Several saimin establishments including saimin noodle factories and restaurants have become local landmarks in Hawaii and have attracted out-of-state visitors who have ventured off the traditional tourist-beaten paths. Among such establishments are Washington Saimin, Palace Saimin, Boulevard Saimin, Shiro's Saimin Haven, The Old Saimin House, Jane's Fountain, Meg's Drive In, Likelike Drive Inn, Sekiya's Restaurant & Delicatessen, and the Forty-Niner Restaurant on Oahu, and Hamura's Saimin on Kauai, which was given the James Beard Foundation's America's Classic honor in 2006.
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McDonald's, an American fast-food giant based in Oak Brook, Illinois became aware of the saimin phenomenon in the Hawaiian islands in the late 1960s. Maurice J. "Sully" Sullivan, legendary Hawaii entrepreneur and owner of Foodland Super Market Limited, had purchased and opened the first McDonald's restaurant in Hawaii in 1968 at his flagship grocery store. He opened several more McDonald's franchises, and for 12 straight months, McDonald's Hawaii became the highest grossing group of franchises in the world. Sullivan wanted to serve his favorite meal, saimin, at his McDonald's restaurants, knowing all too well that his restaurants would boom with its introduction to the menu.
Sullivan invited executives from the McDonald's corporation, including owner and business tycoon Ray Kroc for dinner at two family-owned, "hole-in-the-wall" saimin stands in Honolulu. They ate at Palace Saimin, Washington Saimin and Boulevard Saimin. That night, Sullivan convinced Kroc to expand McDonald's menu for the first time in its corporate history to include a local "ethnic" food. Researchers worked extensively with Washington Saimin to develop a recipe for McDonald's Hawaii. Sullivan secured deals with Ajinomoto, a local Japanese saimin noodle factory and fishcake supplier, to manufacture a special soup base.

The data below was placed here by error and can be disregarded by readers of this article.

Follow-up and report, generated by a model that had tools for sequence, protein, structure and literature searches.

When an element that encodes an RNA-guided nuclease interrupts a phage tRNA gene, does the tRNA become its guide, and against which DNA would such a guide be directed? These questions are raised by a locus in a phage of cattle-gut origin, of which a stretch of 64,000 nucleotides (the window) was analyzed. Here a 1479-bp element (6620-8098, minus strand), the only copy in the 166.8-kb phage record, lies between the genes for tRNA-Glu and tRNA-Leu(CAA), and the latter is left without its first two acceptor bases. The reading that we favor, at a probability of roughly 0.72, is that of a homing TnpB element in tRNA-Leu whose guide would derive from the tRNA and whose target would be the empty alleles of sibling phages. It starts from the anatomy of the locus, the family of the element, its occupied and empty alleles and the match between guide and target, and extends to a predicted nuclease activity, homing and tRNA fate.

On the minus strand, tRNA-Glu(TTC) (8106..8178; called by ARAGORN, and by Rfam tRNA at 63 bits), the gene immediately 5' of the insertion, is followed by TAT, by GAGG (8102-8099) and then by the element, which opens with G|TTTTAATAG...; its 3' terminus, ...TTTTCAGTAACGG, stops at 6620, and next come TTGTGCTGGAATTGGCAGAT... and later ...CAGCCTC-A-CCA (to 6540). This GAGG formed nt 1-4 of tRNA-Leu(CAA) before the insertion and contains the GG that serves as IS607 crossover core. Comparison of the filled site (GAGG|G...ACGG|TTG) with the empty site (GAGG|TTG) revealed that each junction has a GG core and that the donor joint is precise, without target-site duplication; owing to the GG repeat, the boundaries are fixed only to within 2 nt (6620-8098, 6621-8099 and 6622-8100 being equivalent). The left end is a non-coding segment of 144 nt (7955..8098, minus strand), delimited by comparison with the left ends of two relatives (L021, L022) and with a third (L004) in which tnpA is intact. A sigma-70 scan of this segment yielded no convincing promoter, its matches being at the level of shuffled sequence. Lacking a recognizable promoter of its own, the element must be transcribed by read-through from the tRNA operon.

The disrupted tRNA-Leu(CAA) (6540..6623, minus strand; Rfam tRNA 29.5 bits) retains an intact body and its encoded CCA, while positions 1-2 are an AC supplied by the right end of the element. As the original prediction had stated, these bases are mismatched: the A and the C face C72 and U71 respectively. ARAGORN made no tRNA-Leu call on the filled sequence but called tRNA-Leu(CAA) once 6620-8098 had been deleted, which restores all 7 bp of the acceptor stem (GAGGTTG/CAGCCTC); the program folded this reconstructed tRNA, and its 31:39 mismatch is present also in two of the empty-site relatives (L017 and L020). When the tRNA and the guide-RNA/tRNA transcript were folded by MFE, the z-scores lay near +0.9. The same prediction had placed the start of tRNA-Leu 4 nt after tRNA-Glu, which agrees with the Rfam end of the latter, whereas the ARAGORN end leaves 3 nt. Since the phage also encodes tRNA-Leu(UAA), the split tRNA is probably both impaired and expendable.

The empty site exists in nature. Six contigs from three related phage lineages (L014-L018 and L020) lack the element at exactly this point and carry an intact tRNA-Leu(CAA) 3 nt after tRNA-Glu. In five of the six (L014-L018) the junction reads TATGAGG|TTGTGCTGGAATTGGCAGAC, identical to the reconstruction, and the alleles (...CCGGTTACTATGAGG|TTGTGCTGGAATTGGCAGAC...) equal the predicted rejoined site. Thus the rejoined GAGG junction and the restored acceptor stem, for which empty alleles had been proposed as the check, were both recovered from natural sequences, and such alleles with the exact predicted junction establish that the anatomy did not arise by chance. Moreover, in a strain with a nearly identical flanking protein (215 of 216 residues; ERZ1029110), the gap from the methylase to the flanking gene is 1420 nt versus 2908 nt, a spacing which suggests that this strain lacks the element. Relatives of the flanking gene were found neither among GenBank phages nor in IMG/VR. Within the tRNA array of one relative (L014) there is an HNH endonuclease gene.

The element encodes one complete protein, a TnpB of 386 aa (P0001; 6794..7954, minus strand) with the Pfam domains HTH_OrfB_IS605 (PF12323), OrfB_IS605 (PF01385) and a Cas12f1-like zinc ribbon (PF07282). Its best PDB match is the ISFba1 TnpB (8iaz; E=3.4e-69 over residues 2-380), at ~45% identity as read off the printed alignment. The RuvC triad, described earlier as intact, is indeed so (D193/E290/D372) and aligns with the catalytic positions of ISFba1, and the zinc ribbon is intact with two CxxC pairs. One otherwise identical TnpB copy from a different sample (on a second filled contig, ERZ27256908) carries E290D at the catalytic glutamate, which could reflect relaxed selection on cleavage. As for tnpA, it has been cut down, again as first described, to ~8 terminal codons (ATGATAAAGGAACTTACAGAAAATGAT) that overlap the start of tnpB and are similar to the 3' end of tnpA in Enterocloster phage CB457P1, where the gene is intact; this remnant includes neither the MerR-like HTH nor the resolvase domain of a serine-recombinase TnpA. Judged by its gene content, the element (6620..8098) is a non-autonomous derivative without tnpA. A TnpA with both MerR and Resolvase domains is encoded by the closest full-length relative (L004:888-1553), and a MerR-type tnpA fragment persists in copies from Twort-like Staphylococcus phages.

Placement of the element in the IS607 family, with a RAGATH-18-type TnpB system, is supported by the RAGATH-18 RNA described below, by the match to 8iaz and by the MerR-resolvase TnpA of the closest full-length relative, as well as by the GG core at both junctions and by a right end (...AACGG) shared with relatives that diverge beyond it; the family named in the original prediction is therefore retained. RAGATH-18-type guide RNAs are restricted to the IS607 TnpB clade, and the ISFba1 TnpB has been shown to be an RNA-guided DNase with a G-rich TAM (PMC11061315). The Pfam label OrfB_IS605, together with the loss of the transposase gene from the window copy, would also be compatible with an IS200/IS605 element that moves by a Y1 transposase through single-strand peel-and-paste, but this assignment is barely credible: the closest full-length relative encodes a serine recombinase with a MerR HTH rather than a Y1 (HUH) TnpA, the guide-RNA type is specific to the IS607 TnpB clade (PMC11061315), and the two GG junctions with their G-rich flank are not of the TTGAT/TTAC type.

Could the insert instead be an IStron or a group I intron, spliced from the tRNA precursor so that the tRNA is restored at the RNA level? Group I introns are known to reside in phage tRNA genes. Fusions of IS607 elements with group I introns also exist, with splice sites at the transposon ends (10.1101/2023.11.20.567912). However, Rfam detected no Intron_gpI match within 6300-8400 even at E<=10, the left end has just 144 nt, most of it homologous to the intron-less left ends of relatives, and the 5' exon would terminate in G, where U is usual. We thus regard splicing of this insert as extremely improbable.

Today, saimin is one of McDonald's Hawaii restaurant's most popular menu items. Later, Sullivan introduced breakfast platters consisting of Portuguese sausage, eggs, and steamed white rice; Spam, eggs, and rice; and a Breakfast deluxe, a combination of the two, to his menu, capitalizing on the local food phenomena.
- "Noodle Tuesday: 8 Old School Saimin Shops". www.honolulumagazine.com. Retrieved 2019-06-02.
- Katherine Nichols, "Hamura's Saimin Stand on Kauai is a 2006 James Beard Foundation honoree", Honolulu Star-Bulletin, April 30, 2006.
- Aiko Hamura, Leila Fujimori, Honolulu Star-Bulletin, January 27, 2002
- Asian Noodles, Our Kitchen, Hormel Foods, 2004
- Gambling on a Good Meal, Betty Shimabukuro, Honolulu Star-Bulletin, September 5, 2001
- Got Manapua, Kyle Tatsumoto and Keith Kamisugi, Nichi Bei Times, 2001
- Noodlemania: Hawaii's melting pot is a bowl of saimin, Marnie Masuda, Maui Time Weekly, November 6, 2003
- Saimin, Catherine Kekoa Enomoto, Honolulu Star-Bulletin, September 10, 1997
- Shige's Saimin Stand, Lyle Galdera, KHNL, April 27, 2002
- Joan Clarke, Local Food: What to Eat in Hawaii, Namkoong Publishing, 1997
- Rachel Laudan, Food of Paradise: Exploring Hawaii's Culinary Heritage, University of Hawaii Press, 1996